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IFH conducts study on ’Employee engagement in health organizations in relation to Maslow’s and Herzberg theory

Jordan Daily – While moving to the modern age, employee engagement assessment became a necessity, and in an organization, it has been defined as an important factor in achieving maximum productivity and performance.

The institute for Family health/ King Hussein Foundation conducted research aimed to investigate level of Employee engagement in health organizations in relation to Maslow’s and Herzberg theory, and took the institute as an example. Employee engagement may vary with employee demography and other contributing factors. It is important to mention that most employee engagement models neglect employees’ age, years of experience, and seniority.

This study aimed to investigate the level of employee engagement in a health organization (The Institute for Family Health) and its relationship to different variables such as gender, age, and experience. In addition, this study used some theories as Maslow’ law, and Herzberg’s theory to explain employee engagement. The number of study sample individuals who responded to the study scale was (221) of both sexes, divided into 161 females (72.9%) and 60 males (27.1%). The distribution according to age groups was as follows: (21-29) years 43.4%; (30-39) years 38.9%; (40-49) years 11.8%; (50-59) years 3.6%; (60 and above) years 2.3%. The instrument used was based on Gallup Q12 scale with modifications to reflect the researchers’ interests. The results showed that the general level of employee engagement was high with an arithmetic mean of (3.62) and a standard deviation of (.718). Higher levels were in the Basic needs and Teamwork domains. The results show virtual differences between the means of males and females in favour of females. Also, there are virtual differences between the age range means in favour of the age group (50-59) years. Moreover, there are virtual differences between the means of experience levels in favour of (4-7 Yrs.) in the Total Scale, and (more than 10 Years) in the (Management Support) and (Growth) domains, and favour of (8-10 Years) in the (Basic Needs) and (Teamwork) domains.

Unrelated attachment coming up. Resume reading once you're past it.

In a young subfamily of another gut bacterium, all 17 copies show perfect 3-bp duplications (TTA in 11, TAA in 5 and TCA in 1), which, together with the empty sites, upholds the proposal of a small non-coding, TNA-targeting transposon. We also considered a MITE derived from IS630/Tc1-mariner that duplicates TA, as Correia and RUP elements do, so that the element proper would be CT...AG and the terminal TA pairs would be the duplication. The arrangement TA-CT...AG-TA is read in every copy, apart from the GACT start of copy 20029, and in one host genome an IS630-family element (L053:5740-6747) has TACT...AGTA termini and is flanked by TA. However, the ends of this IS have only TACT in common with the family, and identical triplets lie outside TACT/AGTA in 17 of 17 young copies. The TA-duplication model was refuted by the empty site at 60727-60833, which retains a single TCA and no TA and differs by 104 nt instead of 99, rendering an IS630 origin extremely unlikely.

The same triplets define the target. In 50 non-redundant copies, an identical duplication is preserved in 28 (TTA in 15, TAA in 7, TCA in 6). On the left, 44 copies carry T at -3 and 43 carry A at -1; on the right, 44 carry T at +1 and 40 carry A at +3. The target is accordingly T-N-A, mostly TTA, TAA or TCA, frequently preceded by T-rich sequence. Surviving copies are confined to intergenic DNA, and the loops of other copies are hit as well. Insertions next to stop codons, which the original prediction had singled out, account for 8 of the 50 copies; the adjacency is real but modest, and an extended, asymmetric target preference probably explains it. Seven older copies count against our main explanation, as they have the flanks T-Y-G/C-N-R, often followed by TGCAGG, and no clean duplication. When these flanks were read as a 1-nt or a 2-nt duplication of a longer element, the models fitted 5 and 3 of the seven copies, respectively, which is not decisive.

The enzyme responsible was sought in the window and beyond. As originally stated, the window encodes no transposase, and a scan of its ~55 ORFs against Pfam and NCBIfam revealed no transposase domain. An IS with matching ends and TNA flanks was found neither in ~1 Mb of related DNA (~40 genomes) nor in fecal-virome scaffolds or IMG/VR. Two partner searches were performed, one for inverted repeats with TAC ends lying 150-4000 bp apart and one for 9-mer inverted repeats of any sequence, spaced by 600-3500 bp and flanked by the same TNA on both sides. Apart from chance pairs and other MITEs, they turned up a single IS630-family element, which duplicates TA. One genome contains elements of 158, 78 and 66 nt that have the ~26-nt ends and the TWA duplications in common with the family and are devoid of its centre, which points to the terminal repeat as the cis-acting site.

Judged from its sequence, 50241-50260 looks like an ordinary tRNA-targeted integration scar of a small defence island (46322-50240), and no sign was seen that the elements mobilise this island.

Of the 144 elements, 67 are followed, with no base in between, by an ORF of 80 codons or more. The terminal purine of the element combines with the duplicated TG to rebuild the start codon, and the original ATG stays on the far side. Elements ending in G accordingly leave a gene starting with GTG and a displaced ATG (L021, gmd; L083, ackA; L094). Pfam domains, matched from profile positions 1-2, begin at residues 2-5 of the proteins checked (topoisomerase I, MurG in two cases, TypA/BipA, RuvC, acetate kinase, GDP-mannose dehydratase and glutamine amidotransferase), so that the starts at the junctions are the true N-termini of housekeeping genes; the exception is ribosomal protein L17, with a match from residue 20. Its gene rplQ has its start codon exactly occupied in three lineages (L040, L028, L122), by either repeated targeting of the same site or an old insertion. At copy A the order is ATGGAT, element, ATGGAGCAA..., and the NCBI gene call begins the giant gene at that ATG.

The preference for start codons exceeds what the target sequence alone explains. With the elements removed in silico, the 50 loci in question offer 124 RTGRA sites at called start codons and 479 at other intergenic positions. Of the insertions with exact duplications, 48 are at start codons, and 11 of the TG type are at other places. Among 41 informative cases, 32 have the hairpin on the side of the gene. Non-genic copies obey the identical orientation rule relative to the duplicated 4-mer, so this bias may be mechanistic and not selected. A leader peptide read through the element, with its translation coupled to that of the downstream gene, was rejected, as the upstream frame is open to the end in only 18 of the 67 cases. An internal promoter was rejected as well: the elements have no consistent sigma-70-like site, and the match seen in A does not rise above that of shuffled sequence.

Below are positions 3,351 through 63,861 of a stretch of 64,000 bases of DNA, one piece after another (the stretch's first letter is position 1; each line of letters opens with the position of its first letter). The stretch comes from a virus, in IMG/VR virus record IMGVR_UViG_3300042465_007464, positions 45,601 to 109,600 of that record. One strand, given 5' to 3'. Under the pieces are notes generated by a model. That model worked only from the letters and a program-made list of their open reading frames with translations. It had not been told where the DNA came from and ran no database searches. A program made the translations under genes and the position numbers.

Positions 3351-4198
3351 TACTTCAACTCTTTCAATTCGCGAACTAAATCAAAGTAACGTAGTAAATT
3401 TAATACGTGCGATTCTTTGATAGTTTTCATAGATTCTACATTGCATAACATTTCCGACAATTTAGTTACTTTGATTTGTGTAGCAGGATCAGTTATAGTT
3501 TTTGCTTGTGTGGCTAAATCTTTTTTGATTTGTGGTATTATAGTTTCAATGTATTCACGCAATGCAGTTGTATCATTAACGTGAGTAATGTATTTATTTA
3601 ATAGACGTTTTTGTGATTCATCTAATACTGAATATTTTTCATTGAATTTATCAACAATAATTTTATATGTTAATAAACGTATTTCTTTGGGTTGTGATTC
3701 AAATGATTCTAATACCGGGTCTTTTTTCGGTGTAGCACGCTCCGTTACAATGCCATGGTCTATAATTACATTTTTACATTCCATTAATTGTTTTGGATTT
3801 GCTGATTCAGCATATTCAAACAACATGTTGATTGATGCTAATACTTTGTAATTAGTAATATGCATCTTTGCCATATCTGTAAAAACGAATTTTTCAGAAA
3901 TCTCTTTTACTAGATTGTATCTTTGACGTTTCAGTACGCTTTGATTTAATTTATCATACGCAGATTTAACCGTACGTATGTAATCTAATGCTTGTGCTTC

The employee engagement showed (higher) levels in the (Basic Needs) and (Teamwork) domains, followed by the (Management Support) and (Growth) domains. The researchers attribute the high level of engagement to the organization’s model and the management of human resources, which enhances collaboration between individuals at different positions. In addition, the organization uses an integrated approach of service delivery based on the world health organization definition of health which is defined as (a state of complete physical, mental and social wellbeing and not merely the absence of disease or infirmity).

The integrated model further reduces duplication of effort, improves knowledge sharing, and leads to better engagement.
In addition, the researchers explain that females can be more engaged to work because employee engagement is a positive emotional state, and women are more likely to be responsible, connected to their surroundings, and prevent harm to others.

The aging of the world’s population is becoming more salient in the 21st century the researchers explain that because older individuals have already achieved their goals, and facing challenges in the workplace, that lead them to be more engaged. Also, older workers’ engagement levels are less influenced by intrinsic motivational work values due to their experience. In contrast, younger employees’ engagement levels are more affected by intrinsic motivations. Moreover, increased personal competencies gained as one ages and having more experience in both work and life provides more resources to manage demands faced at work and prioritizes basic needs rather than growth needs.

From an organizational perspective, the most salient contribution of the current study would benefit organizational leaders by providing an understanding of how employee engagement levels can be influenced and point out the need of monitoring policies, processes, and strategies in the workplace related to hiring, training, retaining and motivation of employees.

Organizational leaders need to be aware of these changes and actively design practices that address the needs of workers. Based on the results of this study and based on Herzberg’s theory, a significant focus on enhancing younger workers’ intrinsic motivation should be considered in organizational initiatives. This phenomenon has not gained much attention so far by business leaders.

The presence of an alliance between the employees’ interests and that of the organization will support achieving its strategies and goals and enhance the employees’ health and wellbeing. Researchers also suggest a relationship between engaged employees and customer engagement that needs to be investigated.
The results also indicate that employee engagement is complex, and there is not only one influencing factor. For leaders and H.R., this means that a multilateral approach is needed.

The Institute for Family Health/ King Hussein Foundation contributed this article to Jordan Daily .

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